Clarice had graduated high school on time but had never planned on college, something that she felt was for boys in her generation. Instead, she’d gotten a job, had gotten married, and had had three children, two sons and a daughter. Her family became her entire world. As her husband struggled to make end’s meet, she kept working, raising her kids, and keeping them safe and in school. Once they became teenagers, life became harder as she say them struggle with choices. The streets of Philadelphia were full of drugs, violent crime, and gangs. But they were also full of happy families trying to get by and keep their heads down, as Clarice phrased it to me once. Clarice’s kids were grown now, and she was a grandmother, and her husband had died a few years back. But when her own son ended up in prison ten years before, Clarice had agreed to raise his only son, William, as her own, as William’s mother wasn’t fit to raise him herself, according to Clarice. She had had William since he was 5, and she was doing a fine job. William was a great student, a respectful young man, and impeccably mannered.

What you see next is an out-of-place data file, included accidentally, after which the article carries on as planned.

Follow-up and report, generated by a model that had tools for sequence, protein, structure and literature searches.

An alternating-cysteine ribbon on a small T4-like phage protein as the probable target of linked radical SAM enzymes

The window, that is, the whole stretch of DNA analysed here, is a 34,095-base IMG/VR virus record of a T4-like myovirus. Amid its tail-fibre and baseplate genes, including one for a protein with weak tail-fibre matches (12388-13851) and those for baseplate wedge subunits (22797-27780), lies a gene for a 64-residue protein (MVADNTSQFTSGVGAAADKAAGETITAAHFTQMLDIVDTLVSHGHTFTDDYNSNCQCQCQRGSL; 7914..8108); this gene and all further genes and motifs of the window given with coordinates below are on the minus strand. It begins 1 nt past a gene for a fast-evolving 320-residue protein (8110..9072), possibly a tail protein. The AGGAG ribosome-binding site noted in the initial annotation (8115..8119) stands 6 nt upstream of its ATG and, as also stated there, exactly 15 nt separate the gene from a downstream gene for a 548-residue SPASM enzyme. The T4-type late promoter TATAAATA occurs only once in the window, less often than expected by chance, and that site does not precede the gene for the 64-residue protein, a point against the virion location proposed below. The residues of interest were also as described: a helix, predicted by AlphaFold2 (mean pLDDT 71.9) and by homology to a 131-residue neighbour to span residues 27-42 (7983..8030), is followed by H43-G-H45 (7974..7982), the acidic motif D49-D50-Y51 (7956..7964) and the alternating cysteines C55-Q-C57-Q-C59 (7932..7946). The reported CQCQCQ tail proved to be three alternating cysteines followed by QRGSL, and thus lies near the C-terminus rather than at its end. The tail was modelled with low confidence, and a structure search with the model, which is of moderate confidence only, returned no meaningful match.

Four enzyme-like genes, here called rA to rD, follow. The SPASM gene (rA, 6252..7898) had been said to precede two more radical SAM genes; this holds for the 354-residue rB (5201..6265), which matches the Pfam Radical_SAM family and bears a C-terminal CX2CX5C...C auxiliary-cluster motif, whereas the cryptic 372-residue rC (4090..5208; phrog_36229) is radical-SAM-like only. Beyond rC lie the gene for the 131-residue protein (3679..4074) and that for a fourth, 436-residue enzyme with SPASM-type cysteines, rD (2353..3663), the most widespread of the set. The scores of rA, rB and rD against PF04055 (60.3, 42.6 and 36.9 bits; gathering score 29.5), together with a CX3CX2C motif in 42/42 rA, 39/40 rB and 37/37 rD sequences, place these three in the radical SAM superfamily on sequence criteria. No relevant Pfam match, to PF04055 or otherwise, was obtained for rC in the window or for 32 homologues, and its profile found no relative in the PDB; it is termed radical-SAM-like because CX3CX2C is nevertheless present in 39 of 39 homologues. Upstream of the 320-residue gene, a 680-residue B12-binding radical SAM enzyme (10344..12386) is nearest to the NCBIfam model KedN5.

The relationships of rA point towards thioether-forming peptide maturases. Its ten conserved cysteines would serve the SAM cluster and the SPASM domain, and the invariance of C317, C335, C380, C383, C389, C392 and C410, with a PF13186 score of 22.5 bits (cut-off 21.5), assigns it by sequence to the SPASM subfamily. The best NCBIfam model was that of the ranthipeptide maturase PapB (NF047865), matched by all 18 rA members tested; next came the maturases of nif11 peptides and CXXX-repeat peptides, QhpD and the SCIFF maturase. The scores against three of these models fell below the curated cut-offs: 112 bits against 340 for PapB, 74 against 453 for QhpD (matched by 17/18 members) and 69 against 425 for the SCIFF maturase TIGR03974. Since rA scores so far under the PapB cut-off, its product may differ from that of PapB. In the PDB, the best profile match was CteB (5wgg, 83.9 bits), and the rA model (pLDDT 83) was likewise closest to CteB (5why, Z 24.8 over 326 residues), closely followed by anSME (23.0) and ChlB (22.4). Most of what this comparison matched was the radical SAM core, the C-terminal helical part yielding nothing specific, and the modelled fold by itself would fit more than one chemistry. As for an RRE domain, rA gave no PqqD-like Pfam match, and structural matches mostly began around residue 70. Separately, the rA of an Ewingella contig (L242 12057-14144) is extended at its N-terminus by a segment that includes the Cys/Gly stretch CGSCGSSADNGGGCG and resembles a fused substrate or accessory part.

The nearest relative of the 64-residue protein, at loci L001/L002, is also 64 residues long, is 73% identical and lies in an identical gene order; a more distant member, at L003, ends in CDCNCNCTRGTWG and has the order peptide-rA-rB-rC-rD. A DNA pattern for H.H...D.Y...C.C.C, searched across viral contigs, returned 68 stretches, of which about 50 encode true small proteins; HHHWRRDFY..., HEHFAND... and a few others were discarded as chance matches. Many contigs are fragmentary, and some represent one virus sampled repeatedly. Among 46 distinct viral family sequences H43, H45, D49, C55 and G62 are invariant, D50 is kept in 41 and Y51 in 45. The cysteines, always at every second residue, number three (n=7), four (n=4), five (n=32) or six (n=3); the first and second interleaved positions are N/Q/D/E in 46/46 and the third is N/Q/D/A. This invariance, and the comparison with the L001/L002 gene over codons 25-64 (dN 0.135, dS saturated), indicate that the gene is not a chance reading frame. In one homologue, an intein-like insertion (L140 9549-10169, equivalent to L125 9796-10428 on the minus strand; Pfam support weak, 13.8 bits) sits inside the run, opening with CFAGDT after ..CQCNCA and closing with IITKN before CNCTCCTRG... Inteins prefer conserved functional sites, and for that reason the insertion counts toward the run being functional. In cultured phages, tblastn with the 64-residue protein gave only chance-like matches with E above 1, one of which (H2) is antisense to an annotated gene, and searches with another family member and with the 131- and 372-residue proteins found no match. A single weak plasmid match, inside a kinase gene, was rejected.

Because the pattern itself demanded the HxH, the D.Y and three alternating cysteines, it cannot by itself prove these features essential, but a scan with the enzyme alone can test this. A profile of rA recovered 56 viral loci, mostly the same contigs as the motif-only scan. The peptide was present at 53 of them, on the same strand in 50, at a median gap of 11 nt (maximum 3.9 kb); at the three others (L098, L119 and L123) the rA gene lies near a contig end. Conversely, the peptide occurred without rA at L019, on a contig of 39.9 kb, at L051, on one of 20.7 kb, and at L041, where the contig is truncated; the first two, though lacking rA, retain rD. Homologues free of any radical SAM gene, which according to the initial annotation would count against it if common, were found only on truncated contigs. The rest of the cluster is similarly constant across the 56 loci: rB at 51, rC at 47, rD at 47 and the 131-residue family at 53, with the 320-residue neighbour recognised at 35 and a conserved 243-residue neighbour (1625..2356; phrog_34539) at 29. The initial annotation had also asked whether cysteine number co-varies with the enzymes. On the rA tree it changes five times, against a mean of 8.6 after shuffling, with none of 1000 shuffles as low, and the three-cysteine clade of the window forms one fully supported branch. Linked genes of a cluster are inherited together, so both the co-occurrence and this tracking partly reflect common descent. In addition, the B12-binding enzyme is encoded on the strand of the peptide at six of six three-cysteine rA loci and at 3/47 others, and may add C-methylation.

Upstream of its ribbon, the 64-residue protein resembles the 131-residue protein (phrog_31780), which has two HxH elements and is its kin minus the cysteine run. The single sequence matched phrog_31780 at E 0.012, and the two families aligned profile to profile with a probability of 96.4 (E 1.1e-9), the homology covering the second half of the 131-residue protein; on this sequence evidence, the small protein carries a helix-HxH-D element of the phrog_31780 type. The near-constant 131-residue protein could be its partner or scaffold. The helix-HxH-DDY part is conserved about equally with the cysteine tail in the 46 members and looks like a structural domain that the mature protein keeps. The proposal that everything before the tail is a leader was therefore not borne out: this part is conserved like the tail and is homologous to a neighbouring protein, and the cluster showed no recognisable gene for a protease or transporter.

When two white missionaries from the Church of Jesus Christ of Latter-Day Saints had come knocking on her door, Clarice had been surprised to say the least. She told us she didn’t often see white people in her neighborhood, and especially not young men in white shirts and ties. Her curiosity led to her inviting us in, and we told her all about our church. She liked the idea of William having some nice Christian influences, so she invited us back, and soon we were teaching the both of them regularly. Other family members lived in the home, but while they were friendly toward us, she had no interest in learning about the church. Secretly, we hoped that by converting Clarice and William, we could convert the whole family, perhaps the whole block, and then move on from their. Elder Shoney and I talked about how maybe this is the kind of missionary work we were called out here to do, maybe we could convert hundreds starting with just a few.